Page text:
Summary: Faith is expecting the unexpected.
The Physics of Faith: The Uncertainty Principle
Pastor Mark Batterson
This evotional begins a new series titled The Physics of Faith. Over the next four weeks we’re going to explore four dimensions of faith: expecting the unexpected, seeing the invisible, believing the impossible, and reversing the irreversible.
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I don’t sit around all day thinking about stuff like this, but God could have made us with one eye. The significance of that is this: two eyes give us an important optical capability called depth perception. If you cover one eye, everything seems flat. The reason is simple: you lose the ability to judge distances.
During this series of evotionals, I want you to think about physics as one eye. It is the eye of intellect. Let me call it the IQ eye. And I want you to think about faith as the other eye. It is our spiritual eye. Let me call it the SQ eye. If one of our eyes is closed we lose depth perception!
By the way, some of these ideas are borrowed from a book I highly recommend titled Can a Smart Person Believe in God by Michael Guillen.
I think there are four kinds of people in the world. Think of a matrix with four quadrants. Quadrant I is low IQ and low SQ. This is someone who isn’t very smart and isn’t very spiritual. I know that’s a little blunt, but all of us know a few Quadrant I people. Quadrant II is high IQ and low SQ. This is someone who is very intelligent, but they aren’t very spiritual. Quadrant III is low IQ and high SQ. This is someone who is very spiritual, but they aren’t very smart. And Quadrant IV is high IQ and high SQ. This person is very intelligent and very spiritual. And that is what we aspire to.
Albert Einstein may have said it best. “Science without religion is lame and, conversely, religion without science is blind.” I love that imagery. Physics without faith is lame. And faith without physics is blind. My hope is that this series would open both of our eyes!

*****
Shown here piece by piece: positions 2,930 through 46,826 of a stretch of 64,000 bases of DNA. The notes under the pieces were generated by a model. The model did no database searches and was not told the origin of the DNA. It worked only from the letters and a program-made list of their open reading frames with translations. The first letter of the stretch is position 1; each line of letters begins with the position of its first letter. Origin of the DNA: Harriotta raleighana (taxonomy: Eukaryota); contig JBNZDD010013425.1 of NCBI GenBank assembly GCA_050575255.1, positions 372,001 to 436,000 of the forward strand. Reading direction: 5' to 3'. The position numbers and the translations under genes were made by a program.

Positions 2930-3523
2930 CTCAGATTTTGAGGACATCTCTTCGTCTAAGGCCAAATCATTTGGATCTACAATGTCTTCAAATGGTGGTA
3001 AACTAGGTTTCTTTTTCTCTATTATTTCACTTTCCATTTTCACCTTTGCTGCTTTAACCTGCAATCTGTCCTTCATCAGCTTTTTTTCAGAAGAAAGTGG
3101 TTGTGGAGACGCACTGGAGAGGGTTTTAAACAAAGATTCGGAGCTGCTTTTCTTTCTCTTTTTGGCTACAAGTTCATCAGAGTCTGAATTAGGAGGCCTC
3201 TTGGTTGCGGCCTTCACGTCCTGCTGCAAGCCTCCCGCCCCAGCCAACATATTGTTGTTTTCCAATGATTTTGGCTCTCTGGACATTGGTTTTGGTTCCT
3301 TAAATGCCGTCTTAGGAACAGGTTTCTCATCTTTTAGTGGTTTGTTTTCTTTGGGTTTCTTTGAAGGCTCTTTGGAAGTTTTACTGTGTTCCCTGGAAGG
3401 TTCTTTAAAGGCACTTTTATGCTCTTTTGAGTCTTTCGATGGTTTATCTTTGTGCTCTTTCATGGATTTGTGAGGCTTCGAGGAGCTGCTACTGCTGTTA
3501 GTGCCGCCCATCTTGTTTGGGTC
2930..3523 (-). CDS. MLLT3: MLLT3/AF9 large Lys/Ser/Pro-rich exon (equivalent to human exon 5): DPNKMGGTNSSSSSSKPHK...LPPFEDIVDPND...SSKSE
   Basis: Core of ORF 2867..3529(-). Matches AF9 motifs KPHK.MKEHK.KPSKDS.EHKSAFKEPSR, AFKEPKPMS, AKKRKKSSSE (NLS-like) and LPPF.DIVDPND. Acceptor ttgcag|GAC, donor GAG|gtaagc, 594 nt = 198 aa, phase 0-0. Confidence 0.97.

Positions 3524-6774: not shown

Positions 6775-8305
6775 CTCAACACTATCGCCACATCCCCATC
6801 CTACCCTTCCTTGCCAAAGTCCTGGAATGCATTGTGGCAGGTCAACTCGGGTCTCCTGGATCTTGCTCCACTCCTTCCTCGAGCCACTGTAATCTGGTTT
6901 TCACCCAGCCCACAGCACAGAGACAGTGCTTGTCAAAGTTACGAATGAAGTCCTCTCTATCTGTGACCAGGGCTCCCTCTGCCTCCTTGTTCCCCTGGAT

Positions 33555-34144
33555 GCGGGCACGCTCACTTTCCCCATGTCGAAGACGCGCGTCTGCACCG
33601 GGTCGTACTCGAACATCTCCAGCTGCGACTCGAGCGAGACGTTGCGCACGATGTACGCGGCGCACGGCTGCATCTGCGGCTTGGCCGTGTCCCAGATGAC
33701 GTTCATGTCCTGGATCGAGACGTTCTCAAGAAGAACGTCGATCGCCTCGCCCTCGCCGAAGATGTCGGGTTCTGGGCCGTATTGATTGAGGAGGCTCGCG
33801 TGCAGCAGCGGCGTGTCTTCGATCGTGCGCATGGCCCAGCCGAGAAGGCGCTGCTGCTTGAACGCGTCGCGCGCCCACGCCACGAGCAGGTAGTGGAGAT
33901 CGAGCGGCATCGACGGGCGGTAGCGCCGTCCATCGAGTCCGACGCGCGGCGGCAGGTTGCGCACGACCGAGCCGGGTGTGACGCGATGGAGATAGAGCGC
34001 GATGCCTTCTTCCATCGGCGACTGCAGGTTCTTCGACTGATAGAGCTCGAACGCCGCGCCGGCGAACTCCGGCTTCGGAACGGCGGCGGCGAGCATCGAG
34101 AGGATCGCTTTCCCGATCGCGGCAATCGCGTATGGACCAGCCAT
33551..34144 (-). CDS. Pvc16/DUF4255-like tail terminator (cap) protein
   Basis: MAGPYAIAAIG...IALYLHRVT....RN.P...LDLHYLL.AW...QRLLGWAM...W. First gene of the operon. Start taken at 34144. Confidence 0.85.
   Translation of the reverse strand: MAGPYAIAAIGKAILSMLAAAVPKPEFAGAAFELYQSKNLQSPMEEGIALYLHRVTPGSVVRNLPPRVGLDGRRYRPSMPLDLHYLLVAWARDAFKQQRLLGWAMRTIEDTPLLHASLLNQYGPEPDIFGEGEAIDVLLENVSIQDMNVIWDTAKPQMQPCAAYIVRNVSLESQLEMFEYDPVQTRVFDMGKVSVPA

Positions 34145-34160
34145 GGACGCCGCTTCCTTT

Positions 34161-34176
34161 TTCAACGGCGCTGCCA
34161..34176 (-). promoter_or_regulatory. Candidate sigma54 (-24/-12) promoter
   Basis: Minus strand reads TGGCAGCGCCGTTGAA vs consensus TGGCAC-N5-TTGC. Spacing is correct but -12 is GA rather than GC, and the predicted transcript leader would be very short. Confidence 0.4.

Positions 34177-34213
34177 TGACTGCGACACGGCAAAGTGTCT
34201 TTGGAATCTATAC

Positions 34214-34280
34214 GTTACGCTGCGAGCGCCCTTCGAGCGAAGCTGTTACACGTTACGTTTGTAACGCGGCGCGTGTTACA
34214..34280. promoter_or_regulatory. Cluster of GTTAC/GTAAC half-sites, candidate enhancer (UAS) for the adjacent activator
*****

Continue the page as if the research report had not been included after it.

Sometimes we compartmentalize IQ and SQ, but learning and worshipping are not mutually exclusive endeavors. In fact, they are directly proportional: the more you know the more you can worship. There is an old aphorism: you don’t need to work harder you need to work smarter. In the same sense, we need to worship smarter.
There is a fascinating exchange in John 4 where Jesus is talking to the Samaritan woman at the well. He says, “You Samaritans worship what you do not know; we worship what we do know.” The NLT says, “You Samaritans know so little about the one you worship.”
Hold that thought.
In his book, Mozart’s Brain and the Fighter Pilot, Richard Restak says, “The richer my knowledge of flora and fauna of the woods, the more I’ll be able to see. Our perceptions take on richness and depth as a result of all the things that we learn. What the eye sees is determined by what the brain has learned.” And he gives a great modus operandi: “learn more, see more.” Here is what knowledge does: it gives us depth perception.
When astronomers look into the night sky, they have a greater appreciation for the constellations and stars and planets because they see more than I do. When musicians listen to music they have a greater appreciation because they hear more than I do.
If you dissect the Great Commandment I think you discover that love is twenty-five percent intellectual. Jesus said, “Love the Lord your God with all of your heart and soul and mind and strength.” Loving God with your mind is one-quarter of the equation. I think that means loving God with your rational left-brain and your creative right-brain. I think it means loving God with your medial ventral prefrontal cortex.
Here is what I’m trying to say at the outset. I don’t think you can be intellectual, in the truest sense of the word, without being spiritual. And I don’t think you can be spiritual, in the truest sense of the word, without being intellectual.
Let me give a disclaimer at the outset of this series. I have a fascination with physics. My bookshelves are filled with books on everything from string theory to quantum mechanics, but I’m neither a physicist nor the son of a physicist. When I read physics, it’s like being thrown into the deep end and barely being able to swim. Physics is deep. Sometimes it’s over my head and I can’t touch bottom! But so is theology. You never get to the bottom of God.